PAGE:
Telechem Merges with Publicly Traded Communications Firm in $23M Deal
Telechem International, the microarray and scanner manufacturer also known as Arrayit, has signed a definitive agreement to merge with publicly traded digital communications firm Integrated Media Holdings in a deal worth roughly $23.1 million.
Houston-based Integrated Media Holdings currently trades on the OTC Bulletin Board, and at the close of the market yesterday traded at $.022 per share. However, IMH’s board has approved a 1-for-30 reverse split of the stock, which would up its price to $.66 per share.
IMH agreed to acquire Telechem in exchange for 35 million post-split shares, which gives the transaction a value of $23.1 million. As a result of the merger, shareholders of privately held Telechem will own 64.95 percent of the outstanding shares of the merged company.
It is unclear whether the combined entity will retain IMH’s name or Telechem’s name.
“We believe this will enhance our ability to access capital and further the growth strategy as a leader in the biotech niche we serve,” Rene Schena, CEO of Sunnyvale, Calif.-based Telechem, said in a statement.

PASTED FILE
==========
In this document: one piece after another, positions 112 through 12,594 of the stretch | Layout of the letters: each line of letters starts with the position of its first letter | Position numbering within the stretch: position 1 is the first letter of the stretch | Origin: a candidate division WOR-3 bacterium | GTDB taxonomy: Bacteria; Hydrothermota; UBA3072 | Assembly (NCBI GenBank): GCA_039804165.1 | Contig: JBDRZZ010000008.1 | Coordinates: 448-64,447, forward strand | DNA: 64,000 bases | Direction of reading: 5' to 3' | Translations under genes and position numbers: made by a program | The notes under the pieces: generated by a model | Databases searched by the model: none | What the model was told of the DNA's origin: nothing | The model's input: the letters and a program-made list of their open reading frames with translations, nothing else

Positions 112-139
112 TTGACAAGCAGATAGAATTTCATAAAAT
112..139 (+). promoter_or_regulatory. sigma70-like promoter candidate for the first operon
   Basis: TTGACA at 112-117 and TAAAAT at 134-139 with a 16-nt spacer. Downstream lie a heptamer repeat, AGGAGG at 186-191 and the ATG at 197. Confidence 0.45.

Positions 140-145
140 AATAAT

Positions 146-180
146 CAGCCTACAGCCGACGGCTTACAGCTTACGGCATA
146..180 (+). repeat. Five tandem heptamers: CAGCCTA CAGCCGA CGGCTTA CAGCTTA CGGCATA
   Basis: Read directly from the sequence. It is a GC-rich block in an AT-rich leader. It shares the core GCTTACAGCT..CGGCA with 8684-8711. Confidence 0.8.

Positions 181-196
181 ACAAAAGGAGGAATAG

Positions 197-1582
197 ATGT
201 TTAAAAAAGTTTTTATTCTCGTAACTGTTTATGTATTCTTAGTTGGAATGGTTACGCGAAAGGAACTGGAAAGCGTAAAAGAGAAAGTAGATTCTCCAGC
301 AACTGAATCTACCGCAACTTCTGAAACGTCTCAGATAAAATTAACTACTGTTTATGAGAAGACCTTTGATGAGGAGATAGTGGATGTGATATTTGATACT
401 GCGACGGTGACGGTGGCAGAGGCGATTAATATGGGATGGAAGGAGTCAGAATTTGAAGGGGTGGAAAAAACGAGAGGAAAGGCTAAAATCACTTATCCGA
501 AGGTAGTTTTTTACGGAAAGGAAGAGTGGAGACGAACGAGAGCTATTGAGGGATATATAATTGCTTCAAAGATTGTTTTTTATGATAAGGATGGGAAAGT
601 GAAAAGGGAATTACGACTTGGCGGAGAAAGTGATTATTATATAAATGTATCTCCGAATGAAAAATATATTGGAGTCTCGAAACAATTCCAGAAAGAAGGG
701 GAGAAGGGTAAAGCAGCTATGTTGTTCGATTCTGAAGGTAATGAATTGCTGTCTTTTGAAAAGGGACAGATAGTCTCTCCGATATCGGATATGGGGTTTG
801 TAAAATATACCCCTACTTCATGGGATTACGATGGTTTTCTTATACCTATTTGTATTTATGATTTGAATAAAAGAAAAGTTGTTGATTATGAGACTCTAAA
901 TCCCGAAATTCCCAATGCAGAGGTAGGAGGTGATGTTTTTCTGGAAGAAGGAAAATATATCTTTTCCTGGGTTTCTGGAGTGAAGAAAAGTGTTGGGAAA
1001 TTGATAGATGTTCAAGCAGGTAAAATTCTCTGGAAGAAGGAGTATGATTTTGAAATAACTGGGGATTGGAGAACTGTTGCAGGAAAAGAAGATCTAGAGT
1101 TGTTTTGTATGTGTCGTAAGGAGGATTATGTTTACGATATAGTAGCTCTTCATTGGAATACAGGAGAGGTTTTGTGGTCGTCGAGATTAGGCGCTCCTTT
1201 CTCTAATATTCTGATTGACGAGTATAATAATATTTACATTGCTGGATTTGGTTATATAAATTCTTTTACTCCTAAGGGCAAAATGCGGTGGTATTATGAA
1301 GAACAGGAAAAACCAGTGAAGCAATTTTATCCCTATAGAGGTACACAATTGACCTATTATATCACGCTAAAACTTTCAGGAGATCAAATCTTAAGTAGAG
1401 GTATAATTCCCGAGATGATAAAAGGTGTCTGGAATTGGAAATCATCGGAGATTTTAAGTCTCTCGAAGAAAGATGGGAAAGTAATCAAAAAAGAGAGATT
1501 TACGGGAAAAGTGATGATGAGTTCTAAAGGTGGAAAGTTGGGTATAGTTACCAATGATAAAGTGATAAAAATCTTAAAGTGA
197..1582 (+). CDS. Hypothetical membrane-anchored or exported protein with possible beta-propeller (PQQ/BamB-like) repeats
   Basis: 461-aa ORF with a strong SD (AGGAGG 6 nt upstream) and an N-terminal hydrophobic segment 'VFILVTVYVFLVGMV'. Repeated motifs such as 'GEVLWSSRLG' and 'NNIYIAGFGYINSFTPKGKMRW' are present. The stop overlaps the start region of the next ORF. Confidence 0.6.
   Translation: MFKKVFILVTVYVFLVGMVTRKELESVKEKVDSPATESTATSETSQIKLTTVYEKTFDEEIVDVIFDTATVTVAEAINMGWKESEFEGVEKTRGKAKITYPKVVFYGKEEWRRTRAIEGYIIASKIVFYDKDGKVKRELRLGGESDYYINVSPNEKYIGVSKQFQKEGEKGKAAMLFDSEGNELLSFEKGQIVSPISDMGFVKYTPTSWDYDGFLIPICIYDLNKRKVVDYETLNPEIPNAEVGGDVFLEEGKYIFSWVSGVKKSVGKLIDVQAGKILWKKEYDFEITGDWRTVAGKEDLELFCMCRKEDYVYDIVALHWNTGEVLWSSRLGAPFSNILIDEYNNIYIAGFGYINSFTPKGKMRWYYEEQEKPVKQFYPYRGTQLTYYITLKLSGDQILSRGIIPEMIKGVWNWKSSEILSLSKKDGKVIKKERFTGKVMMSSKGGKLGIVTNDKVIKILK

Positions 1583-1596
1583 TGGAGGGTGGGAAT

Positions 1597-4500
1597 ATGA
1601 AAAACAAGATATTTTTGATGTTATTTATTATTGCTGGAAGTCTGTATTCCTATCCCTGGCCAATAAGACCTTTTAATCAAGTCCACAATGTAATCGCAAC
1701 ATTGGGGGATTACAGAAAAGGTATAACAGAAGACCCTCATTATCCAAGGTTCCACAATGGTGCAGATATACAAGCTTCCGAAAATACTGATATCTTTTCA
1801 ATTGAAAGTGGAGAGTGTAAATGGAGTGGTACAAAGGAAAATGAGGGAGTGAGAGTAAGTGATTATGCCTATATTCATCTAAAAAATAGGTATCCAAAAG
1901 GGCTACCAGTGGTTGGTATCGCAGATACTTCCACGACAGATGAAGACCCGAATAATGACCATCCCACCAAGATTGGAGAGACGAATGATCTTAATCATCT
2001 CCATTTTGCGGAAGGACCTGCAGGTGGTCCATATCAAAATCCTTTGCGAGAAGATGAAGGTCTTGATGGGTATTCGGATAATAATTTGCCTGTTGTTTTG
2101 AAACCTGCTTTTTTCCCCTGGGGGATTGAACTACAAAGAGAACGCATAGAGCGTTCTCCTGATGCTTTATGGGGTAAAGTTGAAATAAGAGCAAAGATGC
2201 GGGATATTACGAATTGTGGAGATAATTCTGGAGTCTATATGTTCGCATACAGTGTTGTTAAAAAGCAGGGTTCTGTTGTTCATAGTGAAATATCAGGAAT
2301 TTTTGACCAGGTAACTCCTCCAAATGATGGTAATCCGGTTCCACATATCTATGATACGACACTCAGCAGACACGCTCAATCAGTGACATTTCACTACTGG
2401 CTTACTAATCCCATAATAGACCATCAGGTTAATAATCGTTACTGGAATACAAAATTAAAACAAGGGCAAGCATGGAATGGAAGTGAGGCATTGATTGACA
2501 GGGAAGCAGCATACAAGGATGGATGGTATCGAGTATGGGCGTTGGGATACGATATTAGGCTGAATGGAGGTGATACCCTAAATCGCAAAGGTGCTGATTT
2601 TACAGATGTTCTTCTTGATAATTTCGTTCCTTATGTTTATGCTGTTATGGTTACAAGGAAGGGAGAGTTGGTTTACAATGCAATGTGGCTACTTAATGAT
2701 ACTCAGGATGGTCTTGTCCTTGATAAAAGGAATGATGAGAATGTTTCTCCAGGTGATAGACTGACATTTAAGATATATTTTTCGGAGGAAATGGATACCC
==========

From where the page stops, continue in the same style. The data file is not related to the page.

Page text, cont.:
Schena said that being public has been “a long-term goal of the company” and that Telechem will be unveiling its strategic plan over the next few weeks.
As a public company, our plans and funding potential opportunities are confidential,” Schena said. “We are very optimistic, and once our story is told, we believe our stock will be appropriately valued."
Telechem declined to answer further questions about the merger.
Baylor, Miami to Use Nanostring’s Barcode Gene-Expression Systems
Nanostring Technologies has placed two of its barcode-based gene expression-analysis systems in research labs at the University of Miami’s Miller School of Medicine and at the Baylor College of Medicine, the company said this week.
The Seattle, Wash.-based company said that the two Early Access nCounter Analysis Systems will be the final instruments sold before it launches its commercial marketing program this week at the Association for Biomolecular Research Facilities conference in Salt Lake City. The firm noted that it is currently taking orders for the systems.
Under the early-access program, the systems will be used at the Baylor College of Medicine’s Microarray Core Facility in Houston and at the Sylvester Comprehensive Cancer Center at Miami’s Miller School of Medicine.
The company’s digital barcode technology uses single molecule imaging to detect and count unique transcripts in a single reaction. The company said it is suited for researchers who are working with “small amounts of starting material or studying defined gene sets.”
Financial terms of the agreements were not released.